38:46 Nick: Yeah

38:47 Elly: And I do believe that most people are — a lot of people say to me, “Oh, you’re so strong. How have you managed that for so long?” but I do actually believe that most people have the power within themselves to manage very challenging circumstances and I think we make a choice. We make the conscious choice and you have to actively choose to make the best out of whatever opportunity you have.

39:16 Nick: That’s really beautiful. Thank you, and finally on this subject, what is your most cherished memory of Samuel and how do you choose to remember him and his life?

39:25 Elly: Samuel — Samuel was an incredibly sweet human being, a very generous, kind, loving person. He — if you were — if Samuel was in the room, the room was happy. He had a very beautiful presence in a room, quite — I — I’ve been playing around with a few different adjectives and words but one that really springs to mind with him is the word grace. He — he exuded grace, a grace of calmness and clarity. He knew — he knew who he was. He knew his life was often in danger. He lived with that his whole life and even at a very young age, he just understood that.

40:14 So, he understood from a very young age — without it being taught to him, he understood what was important in life and what was the most important thing to him and what we all known to be true is that it’s relationships with people. It’s how we relate to people and how people relate to us and how we conduct ourselves and how we think and feel. These are the things that are the most meaningful. So, and that was something that he understood. So, that’s what I’m reminded of with him.

40:46 Nick: Beautiful. To link back to the start of the interview and the Parthenon sculptures, I was hoping you could reflect on the different ways in which we memorialise loved ones and the memory of people like Samuel, and how we choose to remember or memorialise historical figures and moments through statues. So, what are the ways in which you remember Samuel and his life?

41:06 Elly: Well, look we are getting on for 18 months since we lost Samuel. The first year, I have to say I was quite numb. I — I was in a state of shock really and I — I — it was very difficult. The last six months, I’ve been able to process it a bit more and I’ve been incredibly sad and I have to find a way to live with that sadness and honour the fact that he’s missing and I have to manage that but I have to live the rest of my life with that, and I could — again going back on what I touched on, I could wake up every morning and I could choose to be sad every single day of my life and I don’t think that’s a particularly productive way for me to live the rest of my life.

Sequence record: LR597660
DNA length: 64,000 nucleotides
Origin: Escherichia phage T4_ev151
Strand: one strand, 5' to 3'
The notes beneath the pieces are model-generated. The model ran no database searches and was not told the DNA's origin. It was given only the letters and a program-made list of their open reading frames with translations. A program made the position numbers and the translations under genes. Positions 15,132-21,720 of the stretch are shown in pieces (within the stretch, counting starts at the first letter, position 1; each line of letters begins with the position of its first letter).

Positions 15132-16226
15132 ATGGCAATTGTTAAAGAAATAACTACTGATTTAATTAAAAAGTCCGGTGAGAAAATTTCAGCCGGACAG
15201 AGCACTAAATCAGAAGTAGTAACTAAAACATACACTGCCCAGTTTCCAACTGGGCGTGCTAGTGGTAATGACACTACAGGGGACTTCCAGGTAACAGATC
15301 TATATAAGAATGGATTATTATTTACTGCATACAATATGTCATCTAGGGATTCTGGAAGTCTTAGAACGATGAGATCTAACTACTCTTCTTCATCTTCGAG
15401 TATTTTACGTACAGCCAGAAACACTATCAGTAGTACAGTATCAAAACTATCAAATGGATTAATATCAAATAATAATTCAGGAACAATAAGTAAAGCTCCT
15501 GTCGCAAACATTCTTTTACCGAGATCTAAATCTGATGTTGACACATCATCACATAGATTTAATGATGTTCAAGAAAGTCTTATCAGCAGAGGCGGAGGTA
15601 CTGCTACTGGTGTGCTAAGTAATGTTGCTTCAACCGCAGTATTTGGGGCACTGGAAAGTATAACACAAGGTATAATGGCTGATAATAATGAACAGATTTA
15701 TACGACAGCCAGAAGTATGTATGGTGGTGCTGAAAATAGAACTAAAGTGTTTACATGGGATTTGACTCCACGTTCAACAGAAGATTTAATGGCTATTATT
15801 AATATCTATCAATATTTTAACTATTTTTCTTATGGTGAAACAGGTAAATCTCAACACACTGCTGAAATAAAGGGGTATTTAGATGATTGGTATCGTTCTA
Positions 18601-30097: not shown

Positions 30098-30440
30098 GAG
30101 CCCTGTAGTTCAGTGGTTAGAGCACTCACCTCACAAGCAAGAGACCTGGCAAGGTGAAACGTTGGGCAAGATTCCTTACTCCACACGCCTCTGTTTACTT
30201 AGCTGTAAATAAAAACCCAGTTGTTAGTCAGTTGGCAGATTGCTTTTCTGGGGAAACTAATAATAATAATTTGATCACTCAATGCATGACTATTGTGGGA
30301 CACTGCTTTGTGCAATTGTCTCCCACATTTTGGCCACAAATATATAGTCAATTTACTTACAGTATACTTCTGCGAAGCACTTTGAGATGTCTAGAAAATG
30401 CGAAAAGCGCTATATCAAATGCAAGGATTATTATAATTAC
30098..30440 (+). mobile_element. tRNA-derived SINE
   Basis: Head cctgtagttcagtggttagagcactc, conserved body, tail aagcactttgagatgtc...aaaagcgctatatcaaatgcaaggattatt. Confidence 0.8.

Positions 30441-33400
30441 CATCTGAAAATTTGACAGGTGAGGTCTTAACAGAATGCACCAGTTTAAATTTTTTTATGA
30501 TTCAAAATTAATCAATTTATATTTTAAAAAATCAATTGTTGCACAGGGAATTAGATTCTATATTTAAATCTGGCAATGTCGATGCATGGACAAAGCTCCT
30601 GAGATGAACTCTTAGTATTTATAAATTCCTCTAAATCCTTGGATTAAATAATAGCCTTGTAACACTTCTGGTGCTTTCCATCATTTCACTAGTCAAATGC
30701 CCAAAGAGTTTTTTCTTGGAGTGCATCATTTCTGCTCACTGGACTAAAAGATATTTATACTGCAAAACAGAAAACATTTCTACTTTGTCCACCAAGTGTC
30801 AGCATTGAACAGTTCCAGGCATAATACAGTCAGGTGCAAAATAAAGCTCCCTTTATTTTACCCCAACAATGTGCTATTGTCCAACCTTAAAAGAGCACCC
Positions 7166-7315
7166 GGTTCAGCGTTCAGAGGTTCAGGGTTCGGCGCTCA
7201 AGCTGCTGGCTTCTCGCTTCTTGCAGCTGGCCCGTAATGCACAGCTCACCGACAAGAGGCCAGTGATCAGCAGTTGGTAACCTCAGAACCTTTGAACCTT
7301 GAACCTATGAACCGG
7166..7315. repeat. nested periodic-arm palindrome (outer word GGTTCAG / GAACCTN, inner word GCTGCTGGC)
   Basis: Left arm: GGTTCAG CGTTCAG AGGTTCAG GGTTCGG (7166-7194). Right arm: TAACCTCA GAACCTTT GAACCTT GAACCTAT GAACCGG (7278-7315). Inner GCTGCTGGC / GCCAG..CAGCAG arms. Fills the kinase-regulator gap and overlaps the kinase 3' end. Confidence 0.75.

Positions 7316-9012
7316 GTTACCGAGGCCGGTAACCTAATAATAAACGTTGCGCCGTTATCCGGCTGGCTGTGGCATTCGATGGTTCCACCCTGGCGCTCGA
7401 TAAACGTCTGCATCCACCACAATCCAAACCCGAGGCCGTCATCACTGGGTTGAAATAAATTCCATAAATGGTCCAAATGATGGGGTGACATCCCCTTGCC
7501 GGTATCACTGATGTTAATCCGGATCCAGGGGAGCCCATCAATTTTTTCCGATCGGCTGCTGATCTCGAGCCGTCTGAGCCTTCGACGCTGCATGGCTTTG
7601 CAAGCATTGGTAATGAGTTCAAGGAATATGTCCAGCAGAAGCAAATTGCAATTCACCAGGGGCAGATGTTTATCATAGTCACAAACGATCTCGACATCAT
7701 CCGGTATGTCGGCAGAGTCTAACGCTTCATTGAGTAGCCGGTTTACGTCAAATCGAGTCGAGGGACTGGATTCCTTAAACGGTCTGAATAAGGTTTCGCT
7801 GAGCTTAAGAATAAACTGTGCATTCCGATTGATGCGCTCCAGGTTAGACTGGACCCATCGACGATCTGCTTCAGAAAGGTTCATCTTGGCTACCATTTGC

42:09 So, I have to — I have to come to a — my own understanding of how I can live in a way that honours Samuel’s memory respectfully and that I have a place for the sadness but that I allow myself to still try and engage in life and be happy and try and find things that bring joy and that are productive because again it’s — you have a choice. I think you have a choice.

42:47 Nick: Yep.

42:48 Elly: And I taught Samuel not to be a victim, not to think of himself as — he wasn’t defined by being a sick kid and I don’t wish to be defined by being, you know, a bereaved mother for the rest of my life. I — I am a bereaved mother. That’s what I am, I get that, but I have the right to seek happiness and I must allow myself to do that and still honour Samuel’s memory.

43:16 Obviously — one of the ways to do that is to — I — I kind of — every day I often find myself talking to him in my mind. I have conversations with him or sometimes I come across something and I think, “Oh god, he would love that,” you know and in my mind I share it with him and I often think of some of his, you know, lovely qualities and I try to remember those and enact them in my daily life. So, that’s how I memorialise him.

43:48 Nick: Beautiful.

43:48 Elly: And it’s very personal and, you know, grief is a very difficult thing and a lot of people don’t often know whether to mention him or not but I — I like mentioning him. I — I’m happy to say — if I come across something, I’m happy to say, “Oh, look, Samuel, you know, used to like that,” just as if I would say Raphael or Joel really enjoys, you know, British comedy or whatever. It’s just — it’s really nice to be able to be given permission by people but — but I think people find that they’re not sure. So, I realise that I have to give them the cue that, yes, you can mention Samuel’s name and I’m not going to fall apart. You know, it’s lovely that we can keep him alive by mentioning him from time to time.

44:40 Nick: Beautiful. That’s a beautiful note to end today’s conversation on, Elly, and thank you so much for your generous, honest and kind reflections. It’s — we’ve covered quite a lot and it’s been an absolute pleasure to speak with you, so thank you very much.

44:53 Elly: Thank you very much for having me.

44:55 Nick: Thank you and safe flight to Athens.

44:57 Elly: Thank you very much.

Originally published at https://www.nickfabbri.com on July 25, 2020.

Writer and podcaster in Melbourne, Australia www.nickfabbri.com